Seattle CARES Mentoring Movement

Rising scholars brief city and county council members

It’s not often that middle school students have the chance to brief a group of politicians. But it happened in June when Rising scholars from Denny International and Meany middle schools met with Seattle and King County council members. Each school prepared a colorful and thoughtful PowerPoint presentation.

A total of 17 Meany scholars participated while the 19 scholars from Denny International were led by Principal Jeff Clark and Mawiayah Fields, Vice Principal.  Representatives from Seattle CARES also attended.

Seattle City Councilmembers who attended the briefings or whose offices sent a representative were: Lorena Gonzalez, Andrew Lewis, Tammy Morales and Teresa Mosqueda. King County Council member Girmay Zahilay, who represents District 2, was also in attendance.

In their presentations, the students focused on four key issues important to their future: public safety, homelessness, health communities and innovative schools. As one young scholar told the city and county council members: “Public safety is something we need to correct and something that needs to build trust among the community and the people that protect the people in it.”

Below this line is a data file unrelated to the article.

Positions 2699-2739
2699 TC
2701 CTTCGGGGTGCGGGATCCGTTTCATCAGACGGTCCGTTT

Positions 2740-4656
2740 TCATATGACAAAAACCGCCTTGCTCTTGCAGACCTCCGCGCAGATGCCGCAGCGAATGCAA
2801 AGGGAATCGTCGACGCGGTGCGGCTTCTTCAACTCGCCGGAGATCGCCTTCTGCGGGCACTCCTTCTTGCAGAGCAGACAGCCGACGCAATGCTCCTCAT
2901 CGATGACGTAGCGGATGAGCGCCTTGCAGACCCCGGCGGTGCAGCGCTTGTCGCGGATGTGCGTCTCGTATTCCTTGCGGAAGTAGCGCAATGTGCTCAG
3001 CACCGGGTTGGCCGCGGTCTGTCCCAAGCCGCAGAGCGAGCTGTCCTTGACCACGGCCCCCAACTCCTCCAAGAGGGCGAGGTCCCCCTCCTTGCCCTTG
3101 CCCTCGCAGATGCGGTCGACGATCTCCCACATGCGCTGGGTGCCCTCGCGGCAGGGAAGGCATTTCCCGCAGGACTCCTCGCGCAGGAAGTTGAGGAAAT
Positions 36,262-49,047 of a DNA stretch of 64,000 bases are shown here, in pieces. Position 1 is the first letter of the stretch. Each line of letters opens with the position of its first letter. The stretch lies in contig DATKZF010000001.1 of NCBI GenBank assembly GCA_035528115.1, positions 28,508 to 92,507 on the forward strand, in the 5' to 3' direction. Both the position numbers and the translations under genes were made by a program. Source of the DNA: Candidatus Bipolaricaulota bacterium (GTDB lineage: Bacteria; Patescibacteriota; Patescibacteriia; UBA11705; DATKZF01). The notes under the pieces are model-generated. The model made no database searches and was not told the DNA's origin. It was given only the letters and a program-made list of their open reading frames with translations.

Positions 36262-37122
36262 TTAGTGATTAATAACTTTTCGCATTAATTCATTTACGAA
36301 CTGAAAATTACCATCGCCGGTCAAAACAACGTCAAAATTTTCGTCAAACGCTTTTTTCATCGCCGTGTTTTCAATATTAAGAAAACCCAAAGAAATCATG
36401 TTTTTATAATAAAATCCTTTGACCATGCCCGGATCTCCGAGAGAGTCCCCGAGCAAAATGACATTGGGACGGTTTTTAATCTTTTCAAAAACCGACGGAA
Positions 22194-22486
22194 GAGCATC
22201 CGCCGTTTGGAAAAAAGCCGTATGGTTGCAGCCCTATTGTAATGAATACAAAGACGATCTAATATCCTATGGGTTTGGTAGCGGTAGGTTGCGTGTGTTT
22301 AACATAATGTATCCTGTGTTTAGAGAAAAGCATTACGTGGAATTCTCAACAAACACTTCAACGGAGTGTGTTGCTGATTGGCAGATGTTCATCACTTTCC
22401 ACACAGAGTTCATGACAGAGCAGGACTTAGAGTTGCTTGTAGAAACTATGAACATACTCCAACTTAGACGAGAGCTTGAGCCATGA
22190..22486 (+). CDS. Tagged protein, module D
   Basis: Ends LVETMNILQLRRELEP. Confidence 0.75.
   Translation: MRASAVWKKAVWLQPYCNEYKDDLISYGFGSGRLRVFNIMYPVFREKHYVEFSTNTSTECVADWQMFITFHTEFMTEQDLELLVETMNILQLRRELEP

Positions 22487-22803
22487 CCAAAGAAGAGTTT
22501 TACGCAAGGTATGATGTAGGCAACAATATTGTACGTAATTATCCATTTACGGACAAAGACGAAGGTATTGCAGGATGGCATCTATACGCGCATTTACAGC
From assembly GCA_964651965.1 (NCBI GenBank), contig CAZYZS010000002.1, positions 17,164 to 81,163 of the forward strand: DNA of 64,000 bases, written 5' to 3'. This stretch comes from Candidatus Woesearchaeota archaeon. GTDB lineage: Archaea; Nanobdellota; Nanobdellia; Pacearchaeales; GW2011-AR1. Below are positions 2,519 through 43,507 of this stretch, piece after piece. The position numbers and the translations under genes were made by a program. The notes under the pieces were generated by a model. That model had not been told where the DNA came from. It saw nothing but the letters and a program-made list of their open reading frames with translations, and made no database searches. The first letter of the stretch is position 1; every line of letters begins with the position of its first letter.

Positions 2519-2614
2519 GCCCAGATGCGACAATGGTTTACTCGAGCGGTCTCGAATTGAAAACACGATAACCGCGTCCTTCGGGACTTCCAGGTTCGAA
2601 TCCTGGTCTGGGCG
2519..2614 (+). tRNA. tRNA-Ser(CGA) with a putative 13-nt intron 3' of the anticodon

At the end of both presentations, the scholars asked the representatives to provide better resources for homeless neighbors and direct more funding to community resources so police altercations could be avoided. They requested improved training for police and more programs to support youth rather than turning to incarceration. All the students wanted to see more innovative schools.

The Rising program, now in its fourth year, is sponsored by King County Best Starts for Kids. It prepares youth from high-poverty families to succeed in school and life. Educators and trained volunteers focus on cultivating cultural pride and high self-esteem, critical-thinking skills and a love of learning.

The program brings results. In a study carried out in 2020, 83 percent of Rising scholars saw increased racial identify and pride, and 92 percent reported increased self-confidence.